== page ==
Lockn’ won’t fade away, but Block Party will

Next year, it may be time to forego Wertland and just rock out

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 Maybe it's time to trade Block Party for a holistic music festival experience.  

Lauren Hornsby | Cavalier Daily

Yet another summer is drawing to a close and most returning Hoos have survived the two things separating them from the inevitable first day of classes — a sweltering day spent unloading and dragging belongings into a new home, and the terrifying, disturbing boozing holiday that students have come to know and love called Block Party. For first-years, it’s a portal into a stunning new life where freedom and constraint shed their meaning and hysteria takes the reins. Everyone else has pretty much been there and done that. So why not try something different? 

Skipping Block Party will not get you ostracized from the U.Va. social sector. There are plenty of better ways to meet new folks and celebrate better times. Like a place that surpasses the hysteria and the boozing. Where positivity radiates and the true meaning of “Virginia is for Lovers” resonates. Where the townies will offer you a beer and conversation instead of vomit and grand larceny. 

That just sounds like an ornamental Block Party with better vibes doesn’t it? Throw in forty musical acts and behold as Lockn’ Music Festival excites the senses, radicalizes the mind and instantly establishes itself as one of the greatest experiences of any festival goer’s life. And best of all, it takes place in the University’s backyard. Happening just 40 minutes down Seminole Trail on a farm in Arrington, Lockn’ brings together peace, people and music for an undoubtedly unforgettable adventure. Best of all, it’s affordable. Lockn’ offers a student discount at $278.35 for a four-day pass (including fees) — roughly $40 cheaper than normal price. That’s a whole lot cheaper than other festivals of similar size.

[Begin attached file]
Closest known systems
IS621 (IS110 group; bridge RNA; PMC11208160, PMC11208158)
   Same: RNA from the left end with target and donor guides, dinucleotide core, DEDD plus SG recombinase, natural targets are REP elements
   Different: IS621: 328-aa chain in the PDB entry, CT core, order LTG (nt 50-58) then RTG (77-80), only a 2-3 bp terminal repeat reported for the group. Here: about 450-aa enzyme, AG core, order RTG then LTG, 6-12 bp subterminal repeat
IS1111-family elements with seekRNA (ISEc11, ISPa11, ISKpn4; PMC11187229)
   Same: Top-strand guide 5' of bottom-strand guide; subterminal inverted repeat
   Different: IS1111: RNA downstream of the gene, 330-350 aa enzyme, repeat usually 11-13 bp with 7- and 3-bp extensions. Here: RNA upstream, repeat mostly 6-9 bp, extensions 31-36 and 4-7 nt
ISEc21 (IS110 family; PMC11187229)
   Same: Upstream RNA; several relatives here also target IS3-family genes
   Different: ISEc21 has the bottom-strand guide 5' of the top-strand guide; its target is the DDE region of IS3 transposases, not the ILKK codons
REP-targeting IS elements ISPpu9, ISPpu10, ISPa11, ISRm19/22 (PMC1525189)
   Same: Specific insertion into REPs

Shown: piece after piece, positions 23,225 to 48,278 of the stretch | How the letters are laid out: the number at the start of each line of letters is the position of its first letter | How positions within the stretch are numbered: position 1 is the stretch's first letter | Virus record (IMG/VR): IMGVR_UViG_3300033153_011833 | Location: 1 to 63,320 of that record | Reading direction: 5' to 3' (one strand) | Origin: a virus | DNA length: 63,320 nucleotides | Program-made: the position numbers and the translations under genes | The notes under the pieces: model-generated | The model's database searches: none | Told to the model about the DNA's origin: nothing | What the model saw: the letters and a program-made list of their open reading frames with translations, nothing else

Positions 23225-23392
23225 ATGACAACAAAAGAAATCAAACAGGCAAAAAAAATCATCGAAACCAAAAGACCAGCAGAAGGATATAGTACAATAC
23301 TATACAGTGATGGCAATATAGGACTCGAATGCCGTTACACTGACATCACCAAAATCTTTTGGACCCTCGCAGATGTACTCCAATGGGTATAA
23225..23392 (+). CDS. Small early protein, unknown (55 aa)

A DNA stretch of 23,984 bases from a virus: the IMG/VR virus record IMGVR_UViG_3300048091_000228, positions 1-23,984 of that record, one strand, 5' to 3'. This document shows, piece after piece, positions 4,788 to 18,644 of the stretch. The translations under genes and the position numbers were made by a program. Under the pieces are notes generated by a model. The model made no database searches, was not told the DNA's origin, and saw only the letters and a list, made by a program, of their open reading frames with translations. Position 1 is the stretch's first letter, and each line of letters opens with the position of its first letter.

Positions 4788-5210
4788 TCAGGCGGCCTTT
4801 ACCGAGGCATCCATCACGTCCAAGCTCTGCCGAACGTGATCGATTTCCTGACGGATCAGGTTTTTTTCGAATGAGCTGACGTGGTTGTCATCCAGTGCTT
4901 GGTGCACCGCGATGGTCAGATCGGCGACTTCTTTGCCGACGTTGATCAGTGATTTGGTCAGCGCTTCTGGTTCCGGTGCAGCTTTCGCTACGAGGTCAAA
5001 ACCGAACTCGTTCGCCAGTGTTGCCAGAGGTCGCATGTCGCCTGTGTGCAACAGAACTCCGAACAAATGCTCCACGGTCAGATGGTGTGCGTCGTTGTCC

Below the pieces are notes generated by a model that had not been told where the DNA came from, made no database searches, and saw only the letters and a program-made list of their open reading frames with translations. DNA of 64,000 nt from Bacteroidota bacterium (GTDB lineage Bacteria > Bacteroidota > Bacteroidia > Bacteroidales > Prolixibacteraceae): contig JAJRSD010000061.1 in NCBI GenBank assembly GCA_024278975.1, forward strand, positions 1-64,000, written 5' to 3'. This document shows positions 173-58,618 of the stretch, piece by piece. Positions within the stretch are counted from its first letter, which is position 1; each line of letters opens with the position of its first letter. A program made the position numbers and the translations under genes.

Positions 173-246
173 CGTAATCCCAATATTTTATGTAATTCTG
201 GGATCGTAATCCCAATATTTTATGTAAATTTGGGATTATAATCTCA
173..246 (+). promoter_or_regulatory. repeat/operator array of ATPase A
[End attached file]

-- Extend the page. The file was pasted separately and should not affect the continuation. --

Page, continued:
Still not convinced that next year you should skip Wertland? Do as Lockn-goers do — turn off your mind, relax and float downstream as these reasons will show you how to turn on and tune in to the wonders of the festival world. 

No one is scared at Lockn’

Are you scared of the limitless mob of drunk teenagers at Block Party, unbeknownst of when a fight will break out, if that glass bottle hurled across the street will hit you, or if this wasted kid is actually trying to flirt with you? Nothing short of peace and love is accepted on The Farm. The closest thing to a fight is two folks arguing over the best musical set of the day. Strangers become friends at Lockn’. Everyone there wants to have a conversation with you, they want to share their resources and stories. No one is there to cause harm. There may be just as many folks who have had so many White Claws that they can’t walk straight, but there’s something different about the way that people express their inebriated selves at Lockn’. The eyes of a concert goer may look as hazy as a wasted student the next morning, but the truth is, that concert goer can feel the music and it feels like the breath of an angel. 

The music